1. Bobbi Kristina Brown: The daughter of the late music legend Whitney Houston and R&B singer Bobby Brown died on July 26, surrounded by her family at Peachtree Christian Hospice in Duluth, Georgia. She was 22. Her death came after she was found unresponsive in her bathtub on Jan. 31 and placed in a medically-induced coma.
2. Frank Gifford: The Hall of Fame football player and broadcaster died in Connecticut on Aug. 9. He was 84. Gifford, husband of Today show host Kathie Lee Gifford, was born in Santa Monica, California, in 1930, and attended the University of Southern California. He played his entire NFL career with the New York Giants -- from 1952 through 1965 -- before switching gears to sportscasting. He is survived by Kathie Lee, their two children Cody and Cassidy, as well as his three children, Jeff, Kyle and Victoria, from his first marriage to Maxine Avis Ewart.
3. Leonard Nimoy: The actor best known for his role as Mr. Spock in the original Star Trek television and movie series passed away the morning of Feb. 27 in his Bel-Air home at 83. According to the actor's wife, Susan Bay Nimoy, her husband's passing was due to the end stages of chronic obstructive pulmonary disease (CPOD).
4. Robert Loggia: The Oscar-nominated actor died at his home at age 85 on Dec. 4. Loggia was known for his roles in movies such as Big, Independence Day and An Officer and a Gentleman, but was perhaps best known for his role as Miami drug lord Frank Lopez in Brian De Palma's 1983 gangster classic Scarface.
5. Wes Craven: The horror movie maestro died on Aug. 30 after battling brain cancer. He was 76. The filmmaker was famous for creating the Scream and A Nightmare on Elm Street franchises. His family announced the news in a statement to ET, sharing that he "was surrounded by love, in the presence of his family" when he died.
6. James Horner: The celebrated composer, known for his unforgettable scores for Titanic, Apollo 13, Avatar and Braveheart, died at 61 in a plane crash on June 22. Horner won two Oscars for his work on Titanic, one for Best Original Score and the other for Best Song, having written the music for the Celine Dion hit "My Heart Will Go On."
7. B.B. King: The iconic blues musician died on May 13 at the age of 89. The legendary singer took home 16 GRAMMY Awards during his life, winning his first in 1971 for Best Male R&B Vocal Performance for his version of the song "The Thrill Is Gone" and his last in 2009 for Best Traditional Blues Album for One Kind Favor.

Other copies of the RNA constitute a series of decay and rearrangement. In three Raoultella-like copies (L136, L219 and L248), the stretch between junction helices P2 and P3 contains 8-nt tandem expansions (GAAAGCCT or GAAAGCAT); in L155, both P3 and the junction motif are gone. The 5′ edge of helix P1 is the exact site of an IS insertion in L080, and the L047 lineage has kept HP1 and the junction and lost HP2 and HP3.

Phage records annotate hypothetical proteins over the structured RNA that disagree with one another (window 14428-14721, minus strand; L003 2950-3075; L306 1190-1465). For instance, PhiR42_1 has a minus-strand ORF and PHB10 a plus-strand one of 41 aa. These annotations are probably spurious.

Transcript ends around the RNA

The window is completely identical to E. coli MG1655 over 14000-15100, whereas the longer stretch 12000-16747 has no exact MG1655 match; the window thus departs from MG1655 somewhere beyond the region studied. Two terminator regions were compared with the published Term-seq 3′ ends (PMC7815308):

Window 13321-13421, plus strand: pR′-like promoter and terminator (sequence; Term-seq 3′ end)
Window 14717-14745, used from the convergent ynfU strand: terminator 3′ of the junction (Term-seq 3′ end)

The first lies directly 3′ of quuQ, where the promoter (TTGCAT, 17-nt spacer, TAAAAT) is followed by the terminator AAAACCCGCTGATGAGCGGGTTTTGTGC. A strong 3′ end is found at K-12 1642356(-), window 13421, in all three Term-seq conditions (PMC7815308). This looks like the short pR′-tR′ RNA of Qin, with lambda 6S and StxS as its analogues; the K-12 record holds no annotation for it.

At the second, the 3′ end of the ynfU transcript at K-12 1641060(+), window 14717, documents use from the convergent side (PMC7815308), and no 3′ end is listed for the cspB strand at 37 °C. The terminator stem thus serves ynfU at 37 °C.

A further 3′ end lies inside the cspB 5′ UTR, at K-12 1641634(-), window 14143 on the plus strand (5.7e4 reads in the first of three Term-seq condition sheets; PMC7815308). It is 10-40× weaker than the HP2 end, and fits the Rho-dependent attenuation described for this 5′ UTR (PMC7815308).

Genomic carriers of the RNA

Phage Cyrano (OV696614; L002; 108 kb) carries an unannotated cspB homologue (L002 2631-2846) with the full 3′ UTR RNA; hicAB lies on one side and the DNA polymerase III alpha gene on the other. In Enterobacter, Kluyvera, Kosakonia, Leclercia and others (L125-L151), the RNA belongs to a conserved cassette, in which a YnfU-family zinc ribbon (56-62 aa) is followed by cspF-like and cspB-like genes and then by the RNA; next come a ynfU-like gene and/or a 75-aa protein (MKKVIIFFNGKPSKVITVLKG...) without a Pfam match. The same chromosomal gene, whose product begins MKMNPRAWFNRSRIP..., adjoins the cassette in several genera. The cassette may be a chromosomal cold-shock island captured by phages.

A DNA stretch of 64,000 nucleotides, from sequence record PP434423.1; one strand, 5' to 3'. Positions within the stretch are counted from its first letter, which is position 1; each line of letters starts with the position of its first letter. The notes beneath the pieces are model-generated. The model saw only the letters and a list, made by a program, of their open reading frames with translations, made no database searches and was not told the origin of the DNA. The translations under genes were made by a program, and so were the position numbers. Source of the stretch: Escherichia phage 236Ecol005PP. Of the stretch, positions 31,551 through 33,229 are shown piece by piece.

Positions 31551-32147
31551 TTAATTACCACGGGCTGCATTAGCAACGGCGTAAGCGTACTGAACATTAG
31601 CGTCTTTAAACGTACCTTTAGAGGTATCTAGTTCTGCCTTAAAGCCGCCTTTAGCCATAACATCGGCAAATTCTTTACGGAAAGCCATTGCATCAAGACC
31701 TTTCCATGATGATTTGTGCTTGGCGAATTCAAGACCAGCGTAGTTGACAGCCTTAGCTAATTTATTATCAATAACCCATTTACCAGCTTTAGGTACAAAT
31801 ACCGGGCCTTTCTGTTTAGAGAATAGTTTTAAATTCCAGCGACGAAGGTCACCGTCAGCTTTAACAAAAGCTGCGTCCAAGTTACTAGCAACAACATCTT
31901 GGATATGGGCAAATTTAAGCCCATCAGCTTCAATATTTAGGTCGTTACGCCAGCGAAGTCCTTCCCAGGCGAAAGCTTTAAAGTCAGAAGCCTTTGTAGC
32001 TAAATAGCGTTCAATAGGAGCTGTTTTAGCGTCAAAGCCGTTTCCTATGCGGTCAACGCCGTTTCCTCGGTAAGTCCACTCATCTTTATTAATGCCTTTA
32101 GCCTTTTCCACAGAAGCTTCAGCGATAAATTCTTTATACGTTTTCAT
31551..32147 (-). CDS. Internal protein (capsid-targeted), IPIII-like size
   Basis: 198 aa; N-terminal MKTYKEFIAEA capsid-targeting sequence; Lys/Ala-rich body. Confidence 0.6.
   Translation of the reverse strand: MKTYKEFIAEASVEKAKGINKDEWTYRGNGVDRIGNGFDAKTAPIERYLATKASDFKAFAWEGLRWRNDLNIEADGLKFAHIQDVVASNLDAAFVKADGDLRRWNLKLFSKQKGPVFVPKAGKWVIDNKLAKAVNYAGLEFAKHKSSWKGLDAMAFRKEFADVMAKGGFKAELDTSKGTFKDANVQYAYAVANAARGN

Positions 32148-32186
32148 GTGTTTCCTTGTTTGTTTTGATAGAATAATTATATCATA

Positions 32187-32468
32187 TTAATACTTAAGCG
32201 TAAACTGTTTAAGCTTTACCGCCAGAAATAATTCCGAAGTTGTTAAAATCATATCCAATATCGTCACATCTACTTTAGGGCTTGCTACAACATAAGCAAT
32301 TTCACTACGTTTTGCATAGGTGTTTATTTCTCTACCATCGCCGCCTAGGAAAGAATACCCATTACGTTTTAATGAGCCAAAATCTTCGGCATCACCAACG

8. Sam Simon:The Simpsons co-developer died on March 8 after a long battle with colon cancer. He was 59. "It is with much sadness that we must let you know that Sam Simon has passed over," his foundation wrote on Facebook. "We all miss him, and in his honor, we will continue bringing his vision to light through our work at The Sam Simon Foundation. We take comfort in knowing how many greetings he is receiving across that Rainbow Bridge. We love you Sam!"
9. Bob Simon: The veteran 60 Minutes reporter was killed in a car accident on Feb. 11 at the age of 73. The celebrated journalist's illustrious career spanned five decades, during which time he was awarded four Peabody awards and 24 Emmys.
10. Taylor Negron: The actor/comedian died at 57 after battling cancer. His death was announced by his cousin, Chuck, in a YouTube video posted on Jan. 11. "I want to inform you that my cousin Taylor Negron just passed away," he said in the video. "His mother, his brother, Alex, and my brother, Rene, and his wife Julie were all there with him. May he rest in peace."
11. Stuart Scott: The SportsCenter anchor passed away Jan. 4 at the age of 49 after battling cancer. Scott was first diagnosed with cancer in Nov. 2007. According to ESPN, he had undergone several surgeries, chemotherapy, radiation and clinical trials in his fight against the disease.